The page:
"That was strange. They knocked again and she came back and said 'I told you to go away we are closed'. Asked why, she said 'don't you know the pope is coming tomorrow'. It appeared the girls had to be virtuous for the night," Hall-Jones says.

The men may have missed out on a kiss from the girls but they did get a blessing from the pope.

Rod Hall-Jones sailed, flew and ate his way through 23 countries as a crew member of the Cousteau team.

Among the regions of the world he visited were Asia, Polynesia, Australia and Europe.

It was a mystery phone call - he believed was a joke from friends - that landed the Southlander on the deck of the Calypso and began a life aquatic from the air.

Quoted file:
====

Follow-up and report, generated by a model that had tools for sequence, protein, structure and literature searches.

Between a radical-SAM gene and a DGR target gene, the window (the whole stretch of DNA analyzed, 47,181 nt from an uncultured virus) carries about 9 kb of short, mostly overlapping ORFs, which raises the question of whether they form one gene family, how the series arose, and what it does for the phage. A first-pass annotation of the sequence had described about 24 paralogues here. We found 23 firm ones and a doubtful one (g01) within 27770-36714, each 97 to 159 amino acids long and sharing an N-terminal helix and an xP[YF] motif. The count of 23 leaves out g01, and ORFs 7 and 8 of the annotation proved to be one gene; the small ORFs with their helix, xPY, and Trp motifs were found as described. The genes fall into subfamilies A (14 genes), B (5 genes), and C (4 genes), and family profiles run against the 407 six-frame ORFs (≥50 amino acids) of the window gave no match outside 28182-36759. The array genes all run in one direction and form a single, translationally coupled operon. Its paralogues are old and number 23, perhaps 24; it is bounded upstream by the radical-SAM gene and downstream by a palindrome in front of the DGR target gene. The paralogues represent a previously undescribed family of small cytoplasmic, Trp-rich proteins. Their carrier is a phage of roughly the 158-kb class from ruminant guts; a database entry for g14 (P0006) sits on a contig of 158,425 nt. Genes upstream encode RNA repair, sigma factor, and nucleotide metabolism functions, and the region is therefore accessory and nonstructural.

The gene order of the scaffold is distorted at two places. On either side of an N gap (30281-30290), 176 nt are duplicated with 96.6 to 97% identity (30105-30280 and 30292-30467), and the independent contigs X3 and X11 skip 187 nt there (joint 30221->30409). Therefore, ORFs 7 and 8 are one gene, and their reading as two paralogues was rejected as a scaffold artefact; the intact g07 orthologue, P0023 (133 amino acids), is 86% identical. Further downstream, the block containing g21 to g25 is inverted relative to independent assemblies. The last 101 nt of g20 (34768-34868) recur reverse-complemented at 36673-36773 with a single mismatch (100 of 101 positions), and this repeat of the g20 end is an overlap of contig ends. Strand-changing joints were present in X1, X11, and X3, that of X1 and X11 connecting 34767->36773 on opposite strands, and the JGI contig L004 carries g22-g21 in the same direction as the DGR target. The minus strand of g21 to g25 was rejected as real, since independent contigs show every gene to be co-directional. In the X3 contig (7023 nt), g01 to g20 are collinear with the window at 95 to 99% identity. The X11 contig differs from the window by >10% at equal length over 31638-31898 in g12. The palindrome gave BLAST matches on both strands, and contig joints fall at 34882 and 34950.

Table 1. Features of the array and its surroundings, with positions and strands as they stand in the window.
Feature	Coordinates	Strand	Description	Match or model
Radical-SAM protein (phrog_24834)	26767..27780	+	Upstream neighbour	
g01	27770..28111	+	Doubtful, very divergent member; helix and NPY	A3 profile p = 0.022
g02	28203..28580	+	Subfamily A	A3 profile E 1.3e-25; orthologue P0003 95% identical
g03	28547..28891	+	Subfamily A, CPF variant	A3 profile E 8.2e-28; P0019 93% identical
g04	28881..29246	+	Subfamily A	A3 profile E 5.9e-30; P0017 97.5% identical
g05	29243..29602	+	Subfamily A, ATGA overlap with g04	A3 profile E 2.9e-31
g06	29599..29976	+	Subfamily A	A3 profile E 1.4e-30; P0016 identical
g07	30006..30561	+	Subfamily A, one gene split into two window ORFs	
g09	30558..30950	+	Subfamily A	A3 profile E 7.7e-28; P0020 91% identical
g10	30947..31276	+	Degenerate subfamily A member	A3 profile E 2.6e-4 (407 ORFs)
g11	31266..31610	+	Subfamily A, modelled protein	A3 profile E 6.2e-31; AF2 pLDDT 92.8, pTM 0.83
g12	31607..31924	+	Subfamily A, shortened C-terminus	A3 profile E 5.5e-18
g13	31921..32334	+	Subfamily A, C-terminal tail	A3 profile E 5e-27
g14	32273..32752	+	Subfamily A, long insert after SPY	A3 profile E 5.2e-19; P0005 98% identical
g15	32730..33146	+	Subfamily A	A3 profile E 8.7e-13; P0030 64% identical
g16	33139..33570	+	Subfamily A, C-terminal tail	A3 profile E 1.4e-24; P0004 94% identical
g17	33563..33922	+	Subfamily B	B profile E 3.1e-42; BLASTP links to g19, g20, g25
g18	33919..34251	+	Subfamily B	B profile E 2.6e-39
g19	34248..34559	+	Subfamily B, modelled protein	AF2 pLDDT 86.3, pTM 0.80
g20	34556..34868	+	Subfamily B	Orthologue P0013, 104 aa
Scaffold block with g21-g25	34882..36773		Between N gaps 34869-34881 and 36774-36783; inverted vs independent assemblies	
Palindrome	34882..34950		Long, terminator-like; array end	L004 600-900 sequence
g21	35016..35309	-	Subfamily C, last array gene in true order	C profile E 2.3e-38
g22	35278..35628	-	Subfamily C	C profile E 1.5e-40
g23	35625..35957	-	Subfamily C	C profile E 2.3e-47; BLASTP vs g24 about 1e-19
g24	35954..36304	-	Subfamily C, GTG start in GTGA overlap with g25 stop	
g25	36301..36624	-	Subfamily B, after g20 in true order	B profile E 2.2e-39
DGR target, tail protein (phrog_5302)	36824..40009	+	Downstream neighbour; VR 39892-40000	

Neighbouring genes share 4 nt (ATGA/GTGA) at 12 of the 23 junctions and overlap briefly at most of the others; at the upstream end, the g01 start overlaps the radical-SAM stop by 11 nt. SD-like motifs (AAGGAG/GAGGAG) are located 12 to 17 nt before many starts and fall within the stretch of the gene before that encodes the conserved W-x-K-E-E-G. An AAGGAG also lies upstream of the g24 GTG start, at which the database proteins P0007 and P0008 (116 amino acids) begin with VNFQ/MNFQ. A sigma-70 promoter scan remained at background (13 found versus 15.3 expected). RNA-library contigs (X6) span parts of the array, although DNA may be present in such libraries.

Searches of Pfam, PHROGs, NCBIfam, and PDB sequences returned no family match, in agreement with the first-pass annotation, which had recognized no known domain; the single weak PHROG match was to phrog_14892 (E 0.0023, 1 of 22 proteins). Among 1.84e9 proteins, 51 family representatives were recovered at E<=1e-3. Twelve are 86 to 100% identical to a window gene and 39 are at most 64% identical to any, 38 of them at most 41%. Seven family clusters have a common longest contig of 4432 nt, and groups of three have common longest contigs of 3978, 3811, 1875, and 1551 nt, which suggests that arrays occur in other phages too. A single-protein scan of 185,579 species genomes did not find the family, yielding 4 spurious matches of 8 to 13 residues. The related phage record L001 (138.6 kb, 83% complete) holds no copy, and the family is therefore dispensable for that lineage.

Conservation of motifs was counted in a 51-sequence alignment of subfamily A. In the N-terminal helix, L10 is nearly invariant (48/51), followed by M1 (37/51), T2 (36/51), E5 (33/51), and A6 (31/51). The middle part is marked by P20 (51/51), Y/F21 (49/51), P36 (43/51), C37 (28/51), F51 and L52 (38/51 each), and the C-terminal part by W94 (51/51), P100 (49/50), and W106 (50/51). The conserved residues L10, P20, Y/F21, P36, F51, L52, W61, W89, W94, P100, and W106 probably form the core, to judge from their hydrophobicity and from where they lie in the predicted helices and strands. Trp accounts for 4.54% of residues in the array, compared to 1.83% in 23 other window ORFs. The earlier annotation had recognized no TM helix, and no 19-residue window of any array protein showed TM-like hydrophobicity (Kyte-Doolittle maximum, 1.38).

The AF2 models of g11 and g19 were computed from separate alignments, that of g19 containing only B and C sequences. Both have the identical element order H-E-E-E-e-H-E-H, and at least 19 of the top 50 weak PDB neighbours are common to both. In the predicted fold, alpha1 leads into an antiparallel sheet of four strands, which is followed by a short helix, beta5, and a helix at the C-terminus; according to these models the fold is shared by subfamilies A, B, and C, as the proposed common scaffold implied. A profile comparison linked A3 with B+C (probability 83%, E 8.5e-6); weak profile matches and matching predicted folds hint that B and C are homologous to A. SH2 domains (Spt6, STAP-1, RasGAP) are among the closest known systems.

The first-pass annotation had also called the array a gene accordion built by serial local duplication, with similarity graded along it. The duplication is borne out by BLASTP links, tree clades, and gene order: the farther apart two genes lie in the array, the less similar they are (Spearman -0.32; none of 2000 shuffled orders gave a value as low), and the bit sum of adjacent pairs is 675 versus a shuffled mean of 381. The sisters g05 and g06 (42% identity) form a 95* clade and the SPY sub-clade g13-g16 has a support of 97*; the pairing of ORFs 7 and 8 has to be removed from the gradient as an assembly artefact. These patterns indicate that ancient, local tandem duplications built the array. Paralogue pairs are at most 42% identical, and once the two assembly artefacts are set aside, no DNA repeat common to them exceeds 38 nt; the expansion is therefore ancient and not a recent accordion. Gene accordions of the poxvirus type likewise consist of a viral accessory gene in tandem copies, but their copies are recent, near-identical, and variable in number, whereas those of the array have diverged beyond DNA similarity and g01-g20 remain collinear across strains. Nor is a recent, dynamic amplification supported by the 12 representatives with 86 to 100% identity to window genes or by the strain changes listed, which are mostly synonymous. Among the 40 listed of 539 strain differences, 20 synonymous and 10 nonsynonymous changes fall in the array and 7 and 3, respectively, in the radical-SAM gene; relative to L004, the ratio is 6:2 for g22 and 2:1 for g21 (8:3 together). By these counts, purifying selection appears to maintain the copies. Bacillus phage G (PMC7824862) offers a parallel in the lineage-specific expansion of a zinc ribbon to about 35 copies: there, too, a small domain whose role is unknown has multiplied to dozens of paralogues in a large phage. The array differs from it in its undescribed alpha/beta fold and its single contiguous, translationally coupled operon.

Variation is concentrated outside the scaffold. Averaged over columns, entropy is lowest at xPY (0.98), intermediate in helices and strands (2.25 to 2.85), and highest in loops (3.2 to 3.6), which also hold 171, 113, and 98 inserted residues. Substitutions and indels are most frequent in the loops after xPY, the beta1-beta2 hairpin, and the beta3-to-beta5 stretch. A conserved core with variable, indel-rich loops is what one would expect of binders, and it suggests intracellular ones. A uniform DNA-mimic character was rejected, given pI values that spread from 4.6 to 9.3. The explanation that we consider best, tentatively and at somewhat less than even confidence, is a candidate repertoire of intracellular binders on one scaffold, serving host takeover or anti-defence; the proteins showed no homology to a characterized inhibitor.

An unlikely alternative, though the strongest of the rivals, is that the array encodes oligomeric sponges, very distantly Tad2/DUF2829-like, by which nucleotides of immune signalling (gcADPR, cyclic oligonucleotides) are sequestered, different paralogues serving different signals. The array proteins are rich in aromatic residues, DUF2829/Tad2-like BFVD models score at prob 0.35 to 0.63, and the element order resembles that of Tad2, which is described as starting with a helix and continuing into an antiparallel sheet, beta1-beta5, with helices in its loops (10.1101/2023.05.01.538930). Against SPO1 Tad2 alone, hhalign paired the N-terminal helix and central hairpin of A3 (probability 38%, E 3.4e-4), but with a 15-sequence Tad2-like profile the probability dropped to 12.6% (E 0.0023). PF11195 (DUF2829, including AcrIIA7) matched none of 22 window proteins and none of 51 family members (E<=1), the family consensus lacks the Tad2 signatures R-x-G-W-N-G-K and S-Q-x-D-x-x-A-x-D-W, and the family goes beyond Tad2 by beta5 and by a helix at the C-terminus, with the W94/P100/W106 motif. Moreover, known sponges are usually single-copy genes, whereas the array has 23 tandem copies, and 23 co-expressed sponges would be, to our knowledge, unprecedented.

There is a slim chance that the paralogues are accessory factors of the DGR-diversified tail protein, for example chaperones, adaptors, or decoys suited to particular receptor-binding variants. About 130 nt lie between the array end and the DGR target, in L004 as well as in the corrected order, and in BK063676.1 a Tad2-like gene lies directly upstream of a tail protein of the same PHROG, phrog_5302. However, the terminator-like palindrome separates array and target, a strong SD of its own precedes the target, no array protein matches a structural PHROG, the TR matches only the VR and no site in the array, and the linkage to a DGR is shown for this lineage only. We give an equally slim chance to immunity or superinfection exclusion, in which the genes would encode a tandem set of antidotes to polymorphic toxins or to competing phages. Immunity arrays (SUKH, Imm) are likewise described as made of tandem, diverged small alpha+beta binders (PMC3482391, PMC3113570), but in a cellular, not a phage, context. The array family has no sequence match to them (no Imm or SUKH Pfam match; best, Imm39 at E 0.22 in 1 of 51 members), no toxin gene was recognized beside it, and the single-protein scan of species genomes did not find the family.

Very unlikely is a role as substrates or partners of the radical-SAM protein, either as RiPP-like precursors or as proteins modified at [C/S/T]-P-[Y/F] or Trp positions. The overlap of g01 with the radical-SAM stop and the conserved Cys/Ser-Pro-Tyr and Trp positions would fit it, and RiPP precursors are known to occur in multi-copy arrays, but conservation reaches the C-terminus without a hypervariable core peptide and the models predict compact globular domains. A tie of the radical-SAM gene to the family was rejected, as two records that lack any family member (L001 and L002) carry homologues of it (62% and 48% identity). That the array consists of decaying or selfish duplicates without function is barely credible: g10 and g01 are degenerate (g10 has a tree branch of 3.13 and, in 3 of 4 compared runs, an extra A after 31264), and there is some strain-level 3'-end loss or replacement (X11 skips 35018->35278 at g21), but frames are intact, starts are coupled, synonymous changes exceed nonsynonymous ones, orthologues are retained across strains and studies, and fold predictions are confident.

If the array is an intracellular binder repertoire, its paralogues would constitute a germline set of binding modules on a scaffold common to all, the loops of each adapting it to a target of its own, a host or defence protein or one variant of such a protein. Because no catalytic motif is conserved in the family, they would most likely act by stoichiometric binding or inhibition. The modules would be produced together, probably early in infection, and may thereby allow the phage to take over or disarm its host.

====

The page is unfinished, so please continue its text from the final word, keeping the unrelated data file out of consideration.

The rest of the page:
Hall-Jones' job was to fly the ship's helicopter for aerial filming.

"An American by the name of Bob Broombeck called me up and said he was working for Jacques Cousteau and asked if I wanted to fly the ship's helicopter," Hall-Jones says.

"When I found out it wasn't a joke, I packed my bags straight away."

Exactly how the American knew who he was is still a mystery, he says.

From 1986, Hall-Jones spent seven years sailing on and flying from the Calypso and Alcyone for the Cousteau Society.

But it took five years to finally be bestowed with his red woolly hat.

"I suppose they wanted me to really earn it. I really wanted one. Everyone on board had one," the pilot jokes.

The woolly red hat is the crowning glory to being a part of legendary underwater explorer and film-maker Jacques Cousteau's team.

It was an adventure that he fondly remembers during a 48-year flying career and he still has the hat.